CET1 (Common Equity Tier 1) Capital Ratio improved to 12.2% in FY20 (FY19: 11.4%) calculated on risk-weighted assets using APRA Basel III standards.
The unweighted CET1 Leverage Ratio, based on total credit exposure, however, weakened to 5.1% in FY20 .
Capital ratios are adequate but not strong by our standards.
Dividend payout of $4.30 (40% franked) for FY20 is down 25% compared to FY19 ($5.75 and 45% franked). We consider the dividend payout ratio of 56% (FY20) to be sustainable.
Guidance for FY21 has been withheld because of uncertainty surrounding the COVID19 outbreak.
We have made a provision of $1.5 billion to allow for uncertainty over further impairment charges and under-performance of market-facing businesses.
Strengths & weaknesses
Macquarie is a world-leading infrastructure fund manager and in an excellent position to capitalize on massive expected investment in global infrastructure and renewable energy over the next decade.
Like most investment banks, Macquarie relies on market knowledge and resourcefulness to identify new opportunities and innovate existing businesses. While they have an excellent track record, they can still make mistakes.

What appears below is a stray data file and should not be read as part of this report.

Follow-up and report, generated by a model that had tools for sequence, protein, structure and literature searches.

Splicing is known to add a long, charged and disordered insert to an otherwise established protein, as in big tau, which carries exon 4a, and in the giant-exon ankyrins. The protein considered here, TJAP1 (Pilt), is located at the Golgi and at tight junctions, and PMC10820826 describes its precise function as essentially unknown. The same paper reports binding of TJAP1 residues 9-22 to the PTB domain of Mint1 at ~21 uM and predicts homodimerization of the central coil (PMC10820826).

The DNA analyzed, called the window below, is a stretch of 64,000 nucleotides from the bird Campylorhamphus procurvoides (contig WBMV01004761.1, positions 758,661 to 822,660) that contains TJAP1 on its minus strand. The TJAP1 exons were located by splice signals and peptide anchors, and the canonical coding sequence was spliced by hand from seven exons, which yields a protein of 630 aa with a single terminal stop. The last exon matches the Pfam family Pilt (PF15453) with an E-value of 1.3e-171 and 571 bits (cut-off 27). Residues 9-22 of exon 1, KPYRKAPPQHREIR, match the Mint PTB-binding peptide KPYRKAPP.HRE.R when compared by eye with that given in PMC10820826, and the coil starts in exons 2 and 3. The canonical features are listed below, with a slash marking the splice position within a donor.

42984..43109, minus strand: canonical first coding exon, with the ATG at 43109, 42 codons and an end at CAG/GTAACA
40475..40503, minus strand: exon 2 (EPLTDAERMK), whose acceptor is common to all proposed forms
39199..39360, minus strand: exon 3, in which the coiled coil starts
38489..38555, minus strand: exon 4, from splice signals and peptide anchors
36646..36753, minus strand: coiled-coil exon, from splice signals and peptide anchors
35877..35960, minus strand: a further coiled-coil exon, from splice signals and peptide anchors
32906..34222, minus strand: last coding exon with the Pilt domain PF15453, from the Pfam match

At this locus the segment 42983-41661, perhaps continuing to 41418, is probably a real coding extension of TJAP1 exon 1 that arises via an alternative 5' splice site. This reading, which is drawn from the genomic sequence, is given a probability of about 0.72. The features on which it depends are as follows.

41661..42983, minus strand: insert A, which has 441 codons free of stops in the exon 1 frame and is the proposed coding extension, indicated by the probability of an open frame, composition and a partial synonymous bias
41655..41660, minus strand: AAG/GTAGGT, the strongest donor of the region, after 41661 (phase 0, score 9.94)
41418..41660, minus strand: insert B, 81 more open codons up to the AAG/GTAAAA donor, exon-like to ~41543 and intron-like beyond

Cyclical fluctuations may affect performance.
BFS exposure to the highly-priced Australian property market is a vulnerability.
Staff of The Patient Investor may directly or indirectly own shares in the above company.
|Market Cap:||$1.3 Tn||Fair Value:||$181.52|
|Forward P/E:||25.06||FV Payback (Years):||11|
|Forward Dividend Yield:||1.10%||Debt/FCF:||2.1|
|Investment Theme:||LT Growth||Structural Trends:||Growth of online services|
We consider Apple (AAPL) to be priced above fair value, but the technical outlook is bullish.
We rate the stock as a HOLD but have not included it in our model portfolio because of declining long-term revenue growth.
We project annual revenue to fall 15% in the next 12 months, recovering to 7% growth in the long-term. Estimated fair value is $181.52 with a payback period of 11 years.
The payback period recognizes AAPL’s strong market position but also its reliance on continuing sales of devices (as opposed to services).
AAPL continues in a primary up-trend, but expect strong resistance at its Feb high of 325. A Declining Trend Index warns of secondary selling pressure. Respect of resistance at 325 would suggest another test of primary support at 230.